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From: National Organization on Disability
According to Harris Interactive®
WASHINGTON, D.C., March 7, 2006 - U.S. adults with disabilities are less confident in the leaders of the courts, Congress, and public schools than those without disabilities according to a February 2006 survey by Harris Interactive made available to the National Organization on Disability (N.O.D.). People with disabilities and their non-disabled peers are equally confident in the leaders of other national institutions such as the White House, major corporations, and centers of higher education.
Harris Interactive surveyed by telephone among 1,016 U.S. adults aged 18 and over, both disabled, and non-disabled, to gauge their confidence in leaders in a wide range of national institutions. While both groups maintain generally similar feelings about a majority of the institutions discussed, there were sizable differences in perceptions of a few institutions with particular influence upon the lives of people with disabilities.
While most adults, both disabled (56%) and not disabled (49%) have some confidence in the U.S. Supreme Court, there is a sizable difference in those who say they have
"a great deal of confidence" (23% of those adults with disabilities have a great deal of confidence, compared to 36% of adults without disabilities).
The differences in levels of confidence toward the justice system seem to extend to the leadership in the lower courts as well. Adults with disabilities are considerably more likely to state that they have
"hardly any confidence" than their non-disabled peers, 32% compared to 23% in the lower courts. Those who have
"a great deal of confidence" number only 14% of the group with disabilities, compared to 22% of those without.
Similarly, the confidence in Congress among adults with disabilities also lags behind that of the general public. The number of adults expressing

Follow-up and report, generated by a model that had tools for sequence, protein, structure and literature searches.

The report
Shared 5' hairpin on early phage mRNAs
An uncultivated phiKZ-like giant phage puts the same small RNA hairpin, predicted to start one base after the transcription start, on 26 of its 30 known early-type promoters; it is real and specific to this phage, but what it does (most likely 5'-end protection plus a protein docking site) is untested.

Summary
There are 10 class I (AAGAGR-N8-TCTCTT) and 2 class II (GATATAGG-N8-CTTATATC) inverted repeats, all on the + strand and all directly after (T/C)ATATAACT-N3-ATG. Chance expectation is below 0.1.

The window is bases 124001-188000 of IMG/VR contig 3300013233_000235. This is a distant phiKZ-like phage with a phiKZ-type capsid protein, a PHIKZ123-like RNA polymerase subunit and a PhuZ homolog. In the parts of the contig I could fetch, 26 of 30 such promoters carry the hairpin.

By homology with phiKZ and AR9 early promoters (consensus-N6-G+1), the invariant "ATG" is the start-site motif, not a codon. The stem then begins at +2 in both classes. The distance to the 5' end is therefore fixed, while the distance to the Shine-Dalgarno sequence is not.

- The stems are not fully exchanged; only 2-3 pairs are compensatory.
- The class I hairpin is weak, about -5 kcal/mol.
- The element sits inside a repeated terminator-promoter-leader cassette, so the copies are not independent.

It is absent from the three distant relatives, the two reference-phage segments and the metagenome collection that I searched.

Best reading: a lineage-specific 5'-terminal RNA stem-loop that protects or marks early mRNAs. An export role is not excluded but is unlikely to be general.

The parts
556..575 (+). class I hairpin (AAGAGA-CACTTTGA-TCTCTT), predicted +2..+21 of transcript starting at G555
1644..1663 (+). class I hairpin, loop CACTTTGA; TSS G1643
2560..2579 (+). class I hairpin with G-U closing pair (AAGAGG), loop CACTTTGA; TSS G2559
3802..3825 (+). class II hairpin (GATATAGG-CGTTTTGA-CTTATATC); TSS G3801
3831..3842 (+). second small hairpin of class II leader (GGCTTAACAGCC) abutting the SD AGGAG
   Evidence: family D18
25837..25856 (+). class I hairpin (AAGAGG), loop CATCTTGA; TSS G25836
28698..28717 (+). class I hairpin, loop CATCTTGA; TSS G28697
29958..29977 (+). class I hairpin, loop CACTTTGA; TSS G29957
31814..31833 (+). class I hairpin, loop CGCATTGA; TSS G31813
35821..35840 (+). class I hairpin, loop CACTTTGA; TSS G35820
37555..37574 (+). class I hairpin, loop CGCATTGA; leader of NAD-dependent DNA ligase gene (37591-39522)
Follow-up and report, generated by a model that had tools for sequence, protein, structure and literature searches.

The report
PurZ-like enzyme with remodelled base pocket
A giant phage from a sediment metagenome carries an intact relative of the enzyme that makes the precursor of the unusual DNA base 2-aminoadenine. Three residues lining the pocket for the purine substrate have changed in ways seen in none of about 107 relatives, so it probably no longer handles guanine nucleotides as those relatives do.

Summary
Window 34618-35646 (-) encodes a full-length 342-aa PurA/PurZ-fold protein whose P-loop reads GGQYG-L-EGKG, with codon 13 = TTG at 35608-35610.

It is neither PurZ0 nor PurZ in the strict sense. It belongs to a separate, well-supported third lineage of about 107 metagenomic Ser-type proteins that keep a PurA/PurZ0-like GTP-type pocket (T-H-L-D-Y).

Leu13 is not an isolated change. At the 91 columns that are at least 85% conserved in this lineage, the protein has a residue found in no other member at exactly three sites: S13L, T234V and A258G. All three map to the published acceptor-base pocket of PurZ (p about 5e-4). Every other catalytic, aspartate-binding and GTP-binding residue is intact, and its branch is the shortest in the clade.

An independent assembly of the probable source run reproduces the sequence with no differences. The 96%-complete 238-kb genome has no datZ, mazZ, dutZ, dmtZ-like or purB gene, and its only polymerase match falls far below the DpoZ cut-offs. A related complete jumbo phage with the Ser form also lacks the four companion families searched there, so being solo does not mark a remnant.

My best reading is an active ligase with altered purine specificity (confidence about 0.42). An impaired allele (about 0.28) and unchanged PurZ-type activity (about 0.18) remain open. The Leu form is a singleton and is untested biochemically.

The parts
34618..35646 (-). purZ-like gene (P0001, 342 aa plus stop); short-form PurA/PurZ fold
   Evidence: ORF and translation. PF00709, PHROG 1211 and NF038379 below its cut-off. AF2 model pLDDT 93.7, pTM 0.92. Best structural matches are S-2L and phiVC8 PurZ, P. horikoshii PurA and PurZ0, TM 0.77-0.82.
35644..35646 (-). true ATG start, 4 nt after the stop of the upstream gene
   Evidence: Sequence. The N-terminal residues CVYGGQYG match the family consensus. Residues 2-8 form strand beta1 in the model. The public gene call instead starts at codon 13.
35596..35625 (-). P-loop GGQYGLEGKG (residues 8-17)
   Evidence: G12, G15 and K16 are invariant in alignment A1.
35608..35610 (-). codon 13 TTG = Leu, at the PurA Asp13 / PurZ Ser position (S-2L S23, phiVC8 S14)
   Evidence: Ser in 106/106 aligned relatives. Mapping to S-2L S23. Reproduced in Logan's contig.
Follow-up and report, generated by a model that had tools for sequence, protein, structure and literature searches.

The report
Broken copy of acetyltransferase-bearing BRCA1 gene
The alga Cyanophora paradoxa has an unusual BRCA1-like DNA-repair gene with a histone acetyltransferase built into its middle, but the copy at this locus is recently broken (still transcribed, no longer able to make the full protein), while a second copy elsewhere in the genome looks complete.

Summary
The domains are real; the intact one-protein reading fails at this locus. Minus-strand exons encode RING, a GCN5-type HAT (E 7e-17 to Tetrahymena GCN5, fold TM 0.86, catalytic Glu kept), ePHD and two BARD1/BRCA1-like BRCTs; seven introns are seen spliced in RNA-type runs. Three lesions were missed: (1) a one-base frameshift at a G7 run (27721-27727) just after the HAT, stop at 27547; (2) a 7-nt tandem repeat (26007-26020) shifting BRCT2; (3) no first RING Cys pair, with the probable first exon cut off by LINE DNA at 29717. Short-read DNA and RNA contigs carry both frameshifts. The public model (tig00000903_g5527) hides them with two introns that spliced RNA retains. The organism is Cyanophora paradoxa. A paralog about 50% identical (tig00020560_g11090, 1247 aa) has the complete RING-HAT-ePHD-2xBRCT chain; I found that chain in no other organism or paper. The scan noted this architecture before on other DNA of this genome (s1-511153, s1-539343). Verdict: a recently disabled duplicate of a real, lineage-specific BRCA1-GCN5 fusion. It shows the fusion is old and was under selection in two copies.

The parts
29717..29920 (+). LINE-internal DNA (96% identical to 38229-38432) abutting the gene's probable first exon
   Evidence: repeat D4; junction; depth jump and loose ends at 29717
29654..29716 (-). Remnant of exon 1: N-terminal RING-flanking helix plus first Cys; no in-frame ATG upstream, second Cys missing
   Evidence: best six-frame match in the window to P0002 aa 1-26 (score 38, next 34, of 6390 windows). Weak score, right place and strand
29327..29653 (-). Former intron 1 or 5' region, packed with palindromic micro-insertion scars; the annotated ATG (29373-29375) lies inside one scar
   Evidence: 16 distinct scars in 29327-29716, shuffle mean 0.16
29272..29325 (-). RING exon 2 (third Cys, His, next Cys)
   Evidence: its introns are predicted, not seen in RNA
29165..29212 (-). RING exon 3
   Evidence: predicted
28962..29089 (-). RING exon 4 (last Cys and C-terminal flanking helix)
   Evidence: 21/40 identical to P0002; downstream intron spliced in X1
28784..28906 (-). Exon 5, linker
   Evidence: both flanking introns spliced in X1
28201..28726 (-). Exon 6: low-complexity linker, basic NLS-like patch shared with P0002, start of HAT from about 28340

"hardly any confidence" in congressional leaders stands at 43%, compared to only 30% of adults without disabilities. Recent congressional action, and legislation which would affect programs benefiting people with disabilities may have contributed to this lower level of confidence. Confidence in America's public school system also seems to be somewhat lower among adults with disabilities than those without. Adults with disabilities express
"hardly any confidence" at a rate of 31%, versus only 23% of adults without disabilities.
Michael Deland, President of the National Organization on Disability believes numbers such as these should serve as an impetus to action,
"Given the gaps we see in confidence in our most valued democratic institutions, leaders and policy makers should give consideration to the needs, and concerns of this important, and indeed quite sizable constituency."
Harris Interactive conducted the telephone survey within the United States between February 7 and 14, 2005 among a nationwide cross section of 1,016 adults (aged 18 and over), of whom 246 have a disability and 770 who do not have a disability. Figures for age, sex, race, education, number of adults, number of voice/telephone lines in the household, region and size of place were weighted where necessary to align them with their actual proportions in the population. In theory, with a probability sample of this size, one can say with 95 percent certainty that the overall results have a sampling error of plus or minus 3 percentage points. Sampling errors for the sub-samples are higher and vary.
About the National Organization on Disability
The National Organization on Disability, founded in 1982 by Alan A. Reich, promotes the full and equal participation and contribution of America's 54 million men, women and children with disabilities in all aspects of life. N.O.D. is a 501c3 organization headquartered in Washington, D.C.. For more information visit http://www.nod.org/ or contact N.O.D. at 202-293-5960; e-mail: email@example.com
About Harris Interactive®
Harris Interactive Inc. (www.harrisinteractive.com), based based in Rochester, New York, is the 13th largest and the fastest-growing market research firm in the world, most widely known for The Harris Poll® and for its pioneering leadership in the online market research industry.